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Step away from the computer, put down the video games, lace up your shoes and get some fresh air this summer. Register for Science Camp at the North Manchester campus of Manchester University and get experimenting.
During this three-day camp for kids in grades 4-6, students will get outside and discover the ecosystems surrounding the University, with the help of Koinonia Education Coordinator Melinda Sweeten.
The Eel River, flowing through Manchester University’s backyard, is an excellent place for young scientists to begin exploring. Students will learn about life in the stream and about stream water quality. Other sessions will explore the magic of chemistry and the processes of the human body.
After the first day of camp on campus, students will travel 12 miles north to Koinonia, Manchester University's 100-acre biological field station, where they will learn about bird banding – the process of placing a small band around a bird’s leg in order to collect data about migration patterns – life-span, population growth and more.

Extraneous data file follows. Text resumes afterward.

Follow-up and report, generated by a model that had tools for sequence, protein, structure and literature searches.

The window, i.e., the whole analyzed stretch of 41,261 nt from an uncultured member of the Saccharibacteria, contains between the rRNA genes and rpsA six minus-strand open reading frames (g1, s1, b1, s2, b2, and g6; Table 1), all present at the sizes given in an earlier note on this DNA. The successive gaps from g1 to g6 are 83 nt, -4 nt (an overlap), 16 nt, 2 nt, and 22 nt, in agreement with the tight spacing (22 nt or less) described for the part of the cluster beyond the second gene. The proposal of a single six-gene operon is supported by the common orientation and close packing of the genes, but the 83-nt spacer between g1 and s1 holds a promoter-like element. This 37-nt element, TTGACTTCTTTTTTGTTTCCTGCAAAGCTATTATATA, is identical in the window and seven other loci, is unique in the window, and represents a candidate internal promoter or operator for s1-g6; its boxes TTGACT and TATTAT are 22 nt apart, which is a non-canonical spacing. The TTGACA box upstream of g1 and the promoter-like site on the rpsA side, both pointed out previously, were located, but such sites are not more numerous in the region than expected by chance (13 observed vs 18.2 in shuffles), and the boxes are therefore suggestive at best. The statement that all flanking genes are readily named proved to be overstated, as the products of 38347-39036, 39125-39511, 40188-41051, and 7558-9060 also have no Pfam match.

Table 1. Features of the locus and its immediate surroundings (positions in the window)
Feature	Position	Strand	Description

It doesn’t end there; students will also get to explore the many ecosystems within Koinonia. They will study fisheries and get a chance to try out their fishing skills, and learn about aerospace and engineering by designing and launching their own bottle rockets. They will also learn how to identify plants and what many uses wild plants have.
Professionals in these fields will provide demonstrations to teach students about the expansive world of environmental science.
Take a break from technology this summer and become a scientist at Manchester University.
It is June 29 to July 1, from 1 to 4 p.m. at the Manchester University Science Center.
The cost is $65 per camper, T-shirt included.
June 15, 2015
Prepared by Emily Barrand, media relations student intern.